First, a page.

I’ve been tardy with the ol’ blog recently. I’ll be the first to admit it. I was thinking of writing about my work on the recent Trainspotting Live, or the fact that I’ve just left the BBC after more than four years to start at Twitch tomorrow.
And yet, this is what has compelled me to delay my latest attempt to complete Final Fantasy XIII and only half pay attention to the latest love of my life (Gilmore Girls on Netflix). An advert printed in the back pages of Glamour magazine.
In it, 22-year-old London-based fashion blogger That Pommie Girl describes how her recent “boob job” (and yes, because it is aimed at her readers – women of her age or younger, it actually uses that phrase), has made her “love her body”, something bloggers are known for. They’ll post paid for ads for products with names like “Boo Tea” on Instagram promoting speedier metabolisms and “detoxification”, or 24 products at once for a “natural look” on YouTube. And while I’m not saying this is 100% harmless (the thought of me – with my mountain of loose leaves piled up in the corner of my kitchen – purchasing a tea for anything other than the fact it tastes good makes me shiver), it’s nothing compared to surgery.
This woman has been given a free major uncessary surgical operation – and in my book, that’s something that’s both invasive and requiring the patient to undergo general aesthetic – and most likely been paid a lot of money to do so; she’s been paid to be cut open, stuffed, and to promote this to her young followers. Lest we forget, there’s a reason why bloggers and social media stars are called influencers. She’s someone people aspire to be. Her lifestyle is what her followers yearn to have. And her lifestyle now involves major surgery so she can like herself.
Let’s face it; a lot of young people aren’t comfortable in their own bodies yet. I have a strong body which I’ve worked hard on (I’m not ripped or anything like that, but I can hold my own in a boxing class) and, at the age of 27, I still check how much my stomach sticks out in the mirror when I wake up. I’m not That Pommie Girl’s target audience, and yet I still bought the aforementioned copy of Glamour because it came with a free Benefit eyebrow gel. (And I already own a similar one from L’Oreal that works perfectly fine.)
I decided to do a Google to find out a bit more and discovered the Advertising Standards Authority have actually banned the TV version of the advert, although you can still view videos of Sarah Ashcroft (the blogger in question), on Transform’s website.
There’s a few disturbing things about the advert, which you can view by accessing the last hyperlink. Firstly, Ashcroft explains that she never experienced anything she’d describe as “pain” (aside from back pain). Not immediately post operation or during the aftercare period.
“In terms of recovery I still couldn’t really believe it. I had geared myself up for a lot of pain when there wasn’t really any at all. I remember feeling incredibly drowsy, but aside from that the healing process was pretty straightforward, with the major inconvenience being a support bra due to the neck and back pain from my new posture.”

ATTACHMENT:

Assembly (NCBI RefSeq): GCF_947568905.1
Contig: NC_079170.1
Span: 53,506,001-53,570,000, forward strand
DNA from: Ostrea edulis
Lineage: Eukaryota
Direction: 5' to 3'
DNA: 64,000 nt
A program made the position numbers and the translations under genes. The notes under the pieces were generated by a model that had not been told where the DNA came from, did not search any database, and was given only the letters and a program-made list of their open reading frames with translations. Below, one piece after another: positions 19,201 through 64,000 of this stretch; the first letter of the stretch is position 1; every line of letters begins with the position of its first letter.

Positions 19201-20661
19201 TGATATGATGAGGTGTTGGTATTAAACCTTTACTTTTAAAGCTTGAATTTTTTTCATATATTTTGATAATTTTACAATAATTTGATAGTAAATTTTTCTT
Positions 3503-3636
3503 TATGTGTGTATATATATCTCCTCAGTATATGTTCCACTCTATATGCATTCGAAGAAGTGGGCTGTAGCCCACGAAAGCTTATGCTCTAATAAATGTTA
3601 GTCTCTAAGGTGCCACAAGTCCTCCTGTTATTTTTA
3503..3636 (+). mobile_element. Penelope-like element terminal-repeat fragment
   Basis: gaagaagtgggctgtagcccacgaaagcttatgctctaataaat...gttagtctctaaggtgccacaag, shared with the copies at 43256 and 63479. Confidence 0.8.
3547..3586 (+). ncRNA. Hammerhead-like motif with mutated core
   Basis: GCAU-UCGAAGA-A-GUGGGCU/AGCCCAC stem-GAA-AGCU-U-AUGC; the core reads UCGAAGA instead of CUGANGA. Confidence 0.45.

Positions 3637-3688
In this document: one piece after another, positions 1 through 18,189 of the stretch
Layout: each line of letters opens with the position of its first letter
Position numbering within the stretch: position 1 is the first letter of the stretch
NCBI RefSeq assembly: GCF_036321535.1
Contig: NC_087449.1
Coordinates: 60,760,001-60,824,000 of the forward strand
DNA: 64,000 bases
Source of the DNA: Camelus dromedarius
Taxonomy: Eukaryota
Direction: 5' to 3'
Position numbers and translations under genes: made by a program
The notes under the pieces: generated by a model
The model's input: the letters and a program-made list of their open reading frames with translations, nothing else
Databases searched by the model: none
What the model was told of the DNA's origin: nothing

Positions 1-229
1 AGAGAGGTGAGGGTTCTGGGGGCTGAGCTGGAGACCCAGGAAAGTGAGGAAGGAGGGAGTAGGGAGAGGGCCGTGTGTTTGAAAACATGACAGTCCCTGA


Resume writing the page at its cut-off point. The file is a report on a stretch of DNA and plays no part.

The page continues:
Surgery is going to be different for everyone, but this advertorial really does go out of its way to emphasise “no pain, all gain”.
And probably the part I find the most shocking of all, Ashcroft implies that her career has been progressed by the operation:
“It really has changed my life and cliched as it sounds, I feel like a new person with a newfound confidence and love for my body. Now, I can be as experimental as I want to be with my style; something I always wanted and I feel like my blogging has come on leaps and bounds too.”
Breasts “enhanced”, she can now wear different clothes and write better! Us women had better all sign up for surgery so we can have enough confidence to ask for a big enough pay rise to start paying back our surgery loans and wear the contractually obliged high heels, skirt and at least five items of noticeable make up to the office..
This advert probably concerns me most of all because it suggests that we still associate the idea of physical perfection – or a marketer’s idea of it – as a key to success. Why be comfortable with what you have, when the path to success is the physical embodiment of some ideal dreamed up by someone else who managed to make it catch on years ago? Already successful enough to attract Transform in the first place (and no doubt, other businesses wanting to work with her), why would Ashcroft (and a bunch of others profiled on the website) take such a drastic step?
And why – in heaven’s name why – would Glamour run this irresponsible advert? For financial gain? Don’t they have some semblance of a duty of care for their younger readers? It’s enough to make me ignore next latest lucrative freebie issue and pay full price (for a cheaper copycat version of the same product).
Monikh Dale, another featured blogger who Transform have given a “lip enhancement” explains on the site that “I wanted to be the best version of me I could be” – the same slogan that the Army are currently using in their latest recruitment campaign. But don’t get me started on that one, or I’ll never find out if Rory and Jess get together. (Gilmore Girls. Seriously – you need to watch it!)